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Col­le­giate Scholars visit the Russell Kirk Center in fall 2017. Annette Kirk is seated on the far right. | Facebook

On a recent trip to Hillsdale, Annette Kirk, the wife of famed his­torian and author Russell Kirk, men­tioned what she deemed “a Kirk revival” on campus. She said she saw many stu­dents who didn’t know about Kirk are starting to learn about who he was. And they’re becoming excited.

Oct. 19, 2018, marked the 100th anniversary of Russell Kirk’s birth — and in recog­nition, his family, pro­fessors, and stu­dents at Hillsdale College warmly remember the legacy of a man who loved Hillsdale College and greatly altered and defined 20th-century con­ser­vatism, earning the name “The Father of Modern Con­ser­vatism.”

Kirk’s daughter, Cecilia Kirk Nelson, said Kirk was a very kind father, who played with his daughters often and loved to take walks with them, plant trees with them, and tell them stories before bed.

“He wasn’t a hands-on dad, but he was very good with kids,” she said. “He was very kind.”

Nelson went on to describe how her father’s life and his work were inter­twined. “One thing I really want people to know is that he was an inte­grated man,” she said. “Ded­i­cation and faith­fulness to his family were a part of his phi­losophy. He was a very con­sistent man, and it is important that people know that about him.”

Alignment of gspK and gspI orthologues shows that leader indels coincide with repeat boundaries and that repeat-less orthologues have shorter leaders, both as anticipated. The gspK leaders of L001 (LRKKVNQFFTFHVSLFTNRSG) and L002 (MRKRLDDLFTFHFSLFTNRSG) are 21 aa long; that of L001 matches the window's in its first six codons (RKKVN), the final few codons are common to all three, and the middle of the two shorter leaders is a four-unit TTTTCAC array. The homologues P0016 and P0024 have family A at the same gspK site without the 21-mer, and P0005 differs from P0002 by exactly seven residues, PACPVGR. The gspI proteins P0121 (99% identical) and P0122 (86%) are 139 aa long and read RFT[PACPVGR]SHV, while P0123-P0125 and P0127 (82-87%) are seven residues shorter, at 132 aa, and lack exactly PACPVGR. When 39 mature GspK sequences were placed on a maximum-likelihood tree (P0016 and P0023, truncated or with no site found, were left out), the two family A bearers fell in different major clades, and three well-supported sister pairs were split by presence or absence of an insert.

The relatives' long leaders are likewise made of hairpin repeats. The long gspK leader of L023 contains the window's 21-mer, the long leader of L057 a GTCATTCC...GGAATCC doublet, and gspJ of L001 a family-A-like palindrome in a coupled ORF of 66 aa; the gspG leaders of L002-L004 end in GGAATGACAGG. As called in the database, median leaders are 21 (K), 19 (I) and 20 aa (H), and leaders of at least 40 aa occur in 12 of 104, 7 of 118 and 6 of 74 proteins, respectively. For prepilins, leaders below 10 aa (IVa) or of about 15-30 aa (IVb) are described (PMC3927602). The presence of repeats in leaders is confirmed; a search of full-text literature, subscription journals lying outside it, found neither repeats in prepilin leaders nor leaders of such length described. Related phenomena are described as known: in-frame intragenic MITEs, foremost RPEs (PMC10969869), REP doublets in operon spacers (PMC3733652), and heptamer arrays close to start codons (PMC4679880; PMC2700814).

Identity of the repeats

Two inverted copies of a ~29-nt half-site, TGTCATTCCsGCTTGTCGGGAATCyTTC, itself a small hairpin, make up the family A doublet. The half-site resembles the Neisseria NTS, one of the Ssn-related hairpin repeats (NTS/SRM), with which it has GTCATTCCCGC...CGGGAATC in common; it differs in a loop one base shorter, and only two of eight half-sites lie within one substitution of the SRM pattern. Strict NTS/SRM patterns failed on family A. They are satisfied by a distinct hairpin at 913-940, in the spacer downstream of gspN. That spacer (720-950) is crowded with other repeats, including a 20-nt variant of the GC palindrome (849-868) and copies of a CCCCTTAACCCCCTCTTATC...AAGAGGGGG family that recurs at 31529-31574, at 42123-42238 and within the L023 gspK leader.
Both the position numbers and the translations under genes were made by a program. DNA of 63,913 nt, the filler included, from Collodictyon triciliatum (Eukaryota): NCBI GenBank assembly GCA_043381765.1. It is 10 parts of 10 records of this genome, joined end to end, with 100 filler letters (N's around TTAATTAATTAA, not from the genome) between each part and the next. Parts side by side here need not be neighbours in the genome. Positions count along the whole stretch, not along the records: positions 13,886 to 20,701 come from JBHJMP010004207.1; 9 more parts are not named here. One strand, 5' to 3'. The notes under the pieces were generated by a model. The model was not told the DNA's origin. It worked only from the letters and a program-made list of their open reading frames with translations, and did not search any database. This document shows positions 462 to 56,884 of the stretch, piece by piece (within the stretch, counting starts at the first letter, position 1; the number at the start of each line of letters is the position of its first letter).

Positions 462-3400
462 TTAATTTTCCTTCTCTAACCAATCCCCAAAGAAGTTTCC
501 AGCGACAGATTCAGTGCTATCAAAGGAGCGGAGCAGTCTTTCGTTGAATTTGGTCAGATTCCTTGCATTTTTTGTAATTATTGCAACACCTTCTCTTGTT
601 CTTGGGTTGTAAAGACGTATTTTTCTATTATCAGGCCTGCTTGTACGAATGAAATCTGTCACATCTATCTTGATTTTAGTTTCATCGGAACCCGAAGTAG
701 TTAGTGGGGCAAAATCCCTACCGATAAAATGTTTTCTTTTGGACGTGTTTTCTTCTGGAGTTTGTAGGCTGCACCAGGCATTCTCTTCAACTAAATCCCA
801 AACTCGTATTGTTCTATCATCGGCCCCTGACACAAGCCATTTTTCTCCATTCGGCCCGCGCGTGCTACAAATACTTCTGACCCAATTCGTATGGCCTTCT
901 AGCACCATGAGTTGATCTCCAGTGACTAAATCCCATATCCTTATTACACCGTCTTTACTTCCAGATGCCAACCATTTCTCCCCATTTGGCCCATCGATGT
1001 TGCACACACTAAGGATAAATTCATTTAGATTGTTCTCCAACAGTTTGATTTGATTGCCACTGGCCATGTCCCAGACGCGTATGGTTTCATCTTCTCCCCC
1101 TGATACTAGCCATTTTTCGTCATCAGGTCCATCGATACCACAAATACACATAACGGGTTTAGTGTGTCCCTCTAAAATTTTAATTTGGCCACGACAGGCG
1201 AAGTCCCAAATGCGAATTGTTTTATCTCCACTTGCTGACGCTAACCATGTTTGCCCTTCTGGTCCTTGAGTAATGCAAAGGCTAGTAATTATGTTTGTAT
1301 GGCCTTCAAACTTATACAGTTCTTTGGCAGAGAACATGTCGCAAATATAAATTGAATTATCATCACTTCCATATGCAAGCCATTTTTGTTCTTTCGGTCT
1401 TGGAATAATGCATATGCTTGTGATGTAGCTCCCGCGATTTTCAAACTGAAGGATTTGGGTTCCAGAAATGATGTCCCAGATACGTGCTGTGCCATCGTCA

Having Kirk as a father, however, altered her youth. “We had lots of people vis­iting all of the time. There were lots of sem­inars with stu­dents. Many Hillsdale stu­dents visited even before the Kirk Center was founded. It’s always just been there, even since I was young.”

As for Mecosta’s various vis­itors, Nelson says there have been many throughout the years. She remembers one par­ticular Croatian pro­fessor who came to Mecosta as a refugee when she was a child. Kirk let him stay at the house and study with him, offering him a place to stay and to raise his family. The pro­fessor stayed with them for some time, and his son, Ivan Pon­gracic, would later go on to teach eco­nomics at Hillsdale College.

Pon­gracic, cur­rently a pro­fessor of eco­nomics at Hillsdale, remembers the time well. He said that his father had spent most of his life in Croatia (then Yugoslavia) dreaming of moving to the United States, and Pon­gracic shared that dream. It wasn’t until Pongracic’s father attended a con­ference at Grove City College that he finally met Kirk. Prior to trav­elling to Penn­syl­vania for the con­ference, Pongracic’s father had dis­covered Kirk’s books and articles, which made a pro­found impact on his thinking and person.

Pon­gracic said that when his father spoke to Kirk, an invi­tation to stay for a week turned into an offer for Pongracic’s father to study at Mecosta, leading to the family’s move to the United States. Pon­gracic called it the most pro­found and impactful moment of his life. And although he wasn’t old enough to appre­ciate Kirk as well as he wished he would, he says he doesn’t remember ever being intim­i­dated by Kirk.

“He was a funny and somewhat mis­chievous man, taking any oppor­tunity to come up with a clever joke in response to what someone said, fol­lowed by a big smile or a laugh with a twinkle in his eye,” Pon­gracic said. “Dr. Kirk made it pos­sible for my family to become Amer­icans, and for that he will always have my deepest grat­itude. I will always remember him as a supremely kind and gen­erous man. He was one in a million.”

It is because of this lovely and almost mys­tical char­acter of Kirk that Mecosta, some­times referred to as “Piety Hill,” is so magical. Alan Cornett, a his­torian and former assistant to Russell Kirk, said, “Entering Piety Hill has been well described as walking through the wardrobe into Narnia.”